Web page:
2 cups flour
2 cups warm water

In glass or plastic jar, thoroughly mix yeast, flour and warm water. Don’t use metal. Set mixture aside in warm place (85 F to 95 F) for overnight, at least. By next day, mixture should be bubbly and have pleasant yeast smell. This starter should be ready to use for anything you want to make. To keep starter going, feed it by adding 1 cup milk, 1 cup flour and 1/4 cup sugar. Blend well. After you feed starter, do not use it for 24 hours.


Sourdough Bread Starter Recipe Variation

There are many variations of the Overnight Sourdough Starter Recipe. This one will be 2 to 3 days before it is ready to be baked into homemade bread. (Photo by

2 cups flour
1/2 teaspoon dry yeast, dissolved in 1 1/2 cups lukewarm water
1 teaspoon salt
3 tablespoons sugar

To start your own sourdough pot, crock or cookie jar, simply mix all the ingredients together and allow to “work” in a warm corner of your kitchen for 2 or 3 days.


San Francisco Sourdough Starter Recipe

Sourdough bread starter turns into delicious loaves of San Francisco Sourdough Bread.

1 package yeast
2  1/2 cups warm water, divided
2 cups sifted flour
1 tablespoon salt
1 tablespoon sugar

Dissolve yeast in 1/2 cup warm water. Stir in remaining water, flour, salt and sugar. Beat until smooth. Let stand, uncovered, at room temperature for 3 to 5 days. Stir three times a day. Cover at night to prevent drying. The starter should have a strong, yeasty smell. Store unused portion in a covered container in the refrigerator. 


Herman Bread Starter Recipe

Try an old-fashioned starter recipe; your ancestors may have called it a Herman. (Photo by

1 envelope dry yeast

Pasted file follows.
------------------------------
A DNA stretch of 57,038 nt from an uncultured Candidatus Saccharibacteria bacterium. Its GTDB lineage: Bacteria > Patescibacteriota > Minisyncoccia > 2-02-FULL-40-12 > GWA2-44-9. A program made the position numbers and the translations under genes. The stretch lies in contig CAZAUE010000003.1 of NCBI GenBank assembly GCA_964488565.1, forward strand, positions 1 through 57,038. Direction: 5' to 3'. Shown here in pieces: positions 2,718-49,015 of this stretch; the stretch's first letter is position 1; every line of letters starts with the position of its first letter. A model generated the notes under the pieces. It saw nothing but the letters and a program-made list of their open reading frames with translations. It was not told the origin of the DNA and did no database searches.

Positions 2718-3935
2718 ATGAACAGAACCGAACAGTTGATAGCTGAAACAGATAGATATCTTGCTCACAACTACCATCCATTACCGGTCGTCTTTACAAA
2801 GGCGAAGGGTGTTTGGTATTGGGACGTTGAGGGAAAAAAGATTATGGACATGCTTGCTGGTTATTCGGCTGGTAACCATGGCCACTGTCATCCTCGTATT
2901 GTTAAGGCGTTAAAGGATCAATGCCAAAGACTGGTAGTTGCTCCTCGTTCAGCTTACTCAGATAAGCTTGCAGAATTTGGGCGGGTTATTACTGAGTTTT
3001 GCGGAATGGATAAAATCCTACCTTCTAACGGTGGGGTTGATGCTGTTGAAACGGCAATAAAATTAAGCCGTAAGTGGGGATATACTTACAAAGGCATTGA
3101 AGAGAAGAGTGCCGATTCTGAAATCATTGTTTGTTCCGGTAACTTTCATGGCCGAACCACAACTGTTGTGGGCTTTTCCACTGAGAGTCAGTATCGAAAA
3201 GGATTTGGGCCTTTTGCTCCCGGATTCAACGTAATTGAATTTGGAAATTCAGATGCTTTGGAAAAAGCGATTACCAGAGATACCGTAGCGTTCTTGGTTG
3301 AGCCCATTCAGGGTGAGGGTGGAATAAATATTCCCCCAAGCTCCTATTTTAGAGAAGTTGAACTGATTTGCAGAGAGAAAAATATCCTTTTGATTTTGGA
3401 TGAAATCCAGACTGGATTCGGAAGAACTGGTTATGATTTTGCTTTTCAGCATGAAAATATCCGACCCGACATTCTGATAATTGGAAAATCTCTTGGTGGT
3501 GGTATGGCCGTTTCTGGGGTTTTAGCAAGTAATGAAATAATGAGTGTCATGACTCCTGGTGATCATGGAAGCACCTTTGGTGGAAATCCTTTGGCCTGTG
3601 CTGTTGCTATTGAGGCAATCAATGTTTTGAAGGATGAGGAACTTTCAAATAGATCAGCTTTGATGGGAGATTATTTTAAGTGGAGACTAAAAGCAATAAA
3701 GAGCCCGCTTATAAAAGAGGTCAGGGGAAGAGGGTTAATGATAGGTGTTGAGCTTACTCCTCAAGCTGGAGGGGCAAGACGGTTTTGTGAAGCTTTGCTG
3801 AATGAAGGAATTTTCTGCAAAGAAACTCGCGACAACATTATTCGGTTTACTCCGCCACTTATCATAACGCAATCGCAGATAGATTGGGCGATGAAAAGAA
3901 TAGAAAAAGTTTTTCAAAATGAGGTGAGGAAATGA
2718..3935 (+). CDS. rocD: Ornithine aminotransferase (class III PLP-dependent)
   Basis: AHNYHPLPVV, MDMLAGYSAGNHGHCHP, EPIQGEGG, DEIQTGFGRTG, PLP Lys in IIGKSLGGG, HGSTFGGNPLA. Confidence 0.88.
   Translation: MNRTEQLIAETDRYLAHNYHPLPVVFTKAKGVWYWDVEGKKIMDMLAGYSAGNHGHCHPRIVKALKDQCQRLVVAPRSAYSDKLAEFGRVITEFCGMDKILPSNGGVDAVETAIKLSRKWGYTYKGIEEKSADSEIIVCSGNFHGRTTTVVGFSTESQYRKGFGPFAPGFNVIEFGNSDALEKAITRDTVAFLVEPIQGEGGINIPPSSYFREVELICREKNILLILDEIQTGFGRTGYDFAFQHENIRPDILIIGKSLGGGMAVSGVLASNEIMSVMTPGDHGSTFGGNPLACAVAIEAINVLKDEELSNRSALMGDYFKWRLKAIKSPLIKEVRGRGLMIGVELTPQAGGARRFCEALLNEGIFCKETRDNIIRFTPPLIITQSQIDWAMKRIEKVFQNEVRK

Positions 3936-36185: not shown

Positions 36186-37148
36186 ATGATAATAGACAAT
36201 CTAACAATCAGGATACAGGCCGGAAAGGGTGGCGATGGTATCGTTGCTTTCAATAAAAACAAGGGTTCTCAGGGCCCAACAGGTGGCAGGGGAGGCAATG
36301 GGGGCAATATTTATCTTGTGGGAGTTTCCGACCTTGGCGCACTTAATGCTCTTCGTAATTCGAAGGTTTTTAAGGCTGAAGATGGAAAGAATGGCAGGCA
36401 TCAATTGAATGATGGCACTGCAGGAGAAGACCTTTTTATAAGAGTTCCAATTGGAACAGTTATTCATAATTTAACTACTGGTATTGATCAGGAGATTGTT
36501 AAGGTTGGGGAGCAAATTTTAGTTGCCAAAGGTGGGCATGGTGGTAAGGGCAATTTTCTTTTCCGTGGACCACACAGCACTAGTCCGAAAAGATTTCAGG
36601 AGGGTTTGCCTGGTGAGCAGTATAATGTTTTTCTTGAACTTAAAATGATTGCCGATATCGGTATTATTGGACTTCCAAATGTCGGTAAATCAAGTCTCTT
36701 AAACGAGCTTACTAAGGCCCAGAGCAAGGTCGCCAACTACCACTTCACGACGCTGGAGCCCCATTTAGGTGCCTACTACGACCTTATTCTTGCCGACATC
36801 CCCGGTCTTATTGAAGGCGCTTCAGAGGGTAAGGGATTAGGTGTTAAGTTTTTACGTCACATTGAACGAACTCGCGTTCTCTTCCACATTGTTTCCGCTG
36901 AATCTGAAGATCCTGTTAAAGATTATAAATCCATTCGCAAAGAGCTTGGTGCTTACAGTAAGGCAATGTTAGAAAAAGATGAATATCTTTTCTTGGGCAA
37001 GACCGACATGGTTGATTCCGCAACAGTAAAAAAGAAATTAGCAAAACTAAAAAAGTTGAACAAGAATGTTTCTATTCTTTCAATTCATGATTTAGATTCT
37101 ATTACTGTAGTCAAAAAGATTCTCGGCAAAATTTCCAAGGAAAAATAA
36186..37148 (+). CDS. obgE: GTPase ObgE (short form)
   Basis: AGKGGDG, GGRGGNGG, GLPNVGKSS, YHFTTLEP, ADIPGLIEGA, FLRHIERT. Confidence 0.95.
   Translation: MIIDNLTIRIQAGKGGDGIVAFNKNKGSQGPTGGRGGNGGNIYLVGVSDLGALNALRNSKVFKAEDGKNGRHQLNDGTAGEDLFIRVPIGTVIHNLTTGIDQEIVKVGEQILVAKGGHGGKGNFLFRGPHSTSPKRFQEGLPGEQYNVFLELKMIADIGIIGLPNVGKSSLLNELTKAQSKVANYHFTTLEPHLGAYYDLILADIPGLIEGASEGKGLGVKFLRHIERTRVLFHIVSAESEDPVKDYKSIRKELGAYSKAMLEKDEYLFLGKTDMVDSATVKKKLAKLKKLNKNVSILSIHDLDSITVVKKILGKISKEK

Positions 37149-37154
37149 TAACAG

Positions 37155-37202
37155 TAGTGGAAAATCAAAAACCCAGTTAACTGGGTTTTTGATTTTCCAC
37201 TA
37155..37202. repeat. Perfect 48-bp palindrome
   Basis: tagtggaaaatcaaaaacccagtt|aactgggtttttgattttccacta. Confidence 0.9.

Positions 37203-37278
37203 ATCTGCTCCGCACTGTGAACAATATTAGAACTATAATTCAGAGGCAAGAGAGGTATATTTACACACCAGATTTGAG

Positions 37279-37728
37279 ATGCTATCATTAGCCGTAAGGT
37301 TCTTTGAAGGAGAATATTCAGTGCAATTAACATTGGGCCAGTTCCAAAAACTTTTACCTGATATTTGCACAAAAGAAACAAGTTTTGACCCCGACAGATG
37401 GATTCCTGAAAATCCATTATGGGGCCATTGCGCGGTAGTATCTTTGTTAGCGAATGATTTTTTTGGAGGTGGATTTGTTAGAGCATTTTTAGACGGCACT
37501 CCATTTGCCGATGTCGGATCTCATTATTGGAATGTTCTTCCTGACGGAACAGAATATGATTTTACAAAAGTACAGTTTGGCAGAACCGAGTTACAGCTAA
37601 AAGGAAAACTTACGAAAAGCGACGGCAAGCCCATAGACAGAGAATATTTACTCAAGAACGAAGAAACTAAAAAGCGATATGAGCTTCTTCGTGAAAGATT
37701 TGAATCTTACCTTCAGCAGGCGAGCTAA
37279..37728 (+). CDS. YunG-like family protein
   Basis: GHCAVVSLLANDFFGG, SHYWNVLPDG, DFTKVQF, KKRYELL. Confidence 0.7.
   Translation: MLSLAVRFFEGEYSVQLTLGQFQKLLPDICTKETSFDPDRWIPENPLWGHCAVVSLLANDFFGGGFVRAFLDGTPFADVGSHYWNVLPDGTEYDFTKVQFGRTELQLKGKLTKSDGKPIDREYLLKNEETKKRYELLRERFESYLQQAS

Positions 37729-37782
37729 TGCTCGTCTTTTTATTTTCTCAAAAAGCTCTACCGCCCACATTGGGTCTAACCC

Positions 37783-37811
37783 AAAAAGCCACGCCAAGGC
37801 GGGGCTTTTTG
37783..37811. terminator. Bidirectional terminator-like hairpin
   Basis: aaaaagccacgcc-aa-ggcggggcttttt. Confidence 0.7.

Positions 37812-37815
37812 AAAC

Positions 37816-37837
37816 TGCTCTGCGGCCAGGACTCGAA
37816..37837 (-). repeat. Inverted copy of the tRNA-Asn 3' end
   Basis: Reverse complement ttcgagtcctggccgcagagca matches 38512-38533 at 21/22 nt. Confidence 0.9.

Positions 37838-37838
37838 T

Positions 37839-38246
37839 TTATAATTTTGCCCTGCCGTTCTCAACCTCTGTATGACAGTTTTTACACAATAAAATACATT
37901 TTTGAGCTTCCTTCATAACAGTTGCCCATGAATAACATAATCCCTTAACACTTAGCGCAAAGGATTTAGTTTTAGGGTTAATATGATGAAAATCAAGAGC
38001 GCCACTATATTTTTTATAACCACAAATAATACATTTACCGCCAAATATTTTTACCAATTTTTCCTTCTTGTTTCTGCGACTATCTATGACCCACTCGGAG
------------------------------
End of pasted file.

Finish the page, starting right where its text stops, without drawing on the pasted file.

2 cups warm water
2 cups flour
1/4 cup sugar

Use a large plastic or glass container; do not use metal. The mixture will bubble up, so use a large enough bowl to allow for this.

Dissolve yeast in warm, not hot, water. Stir in flour and sugar and beat until smooth. Cover tightly and put in a warm place overnight. The mixture will separate into a liquid on the bottom and a thicker substance on top. It will have a yeasty aroma. Stir and refrigerate.

Stir each day for five days (you might want to mark the days on a calendar). On the fifth day, divide and give half to a friend. The half remaining is your starter. This starter must be fed and stirred for 10 days before it is ready to use.

The starter must be kept in the refrigerator and stirred every day. It must be fed on the first and fifth days with the following: 1/2 cup sugar, 1 cup flour and 1 cup milk. Mix well.

On the 10th day, take 1 cup of the mixture and set aside. Give 1 cup to a friend. Use the remaining 2 cups for biscuits, cinnamon rolls or coffeecake.

The cup of Herman set aside must be fed the sugar, flour and milk mixture on the first day to start a new Herman. Repeat directions.

For more great recipes, check out Recipe Box: Sauces for Dipping and Using Bread Starter.

  • Published on Feb 21, 2014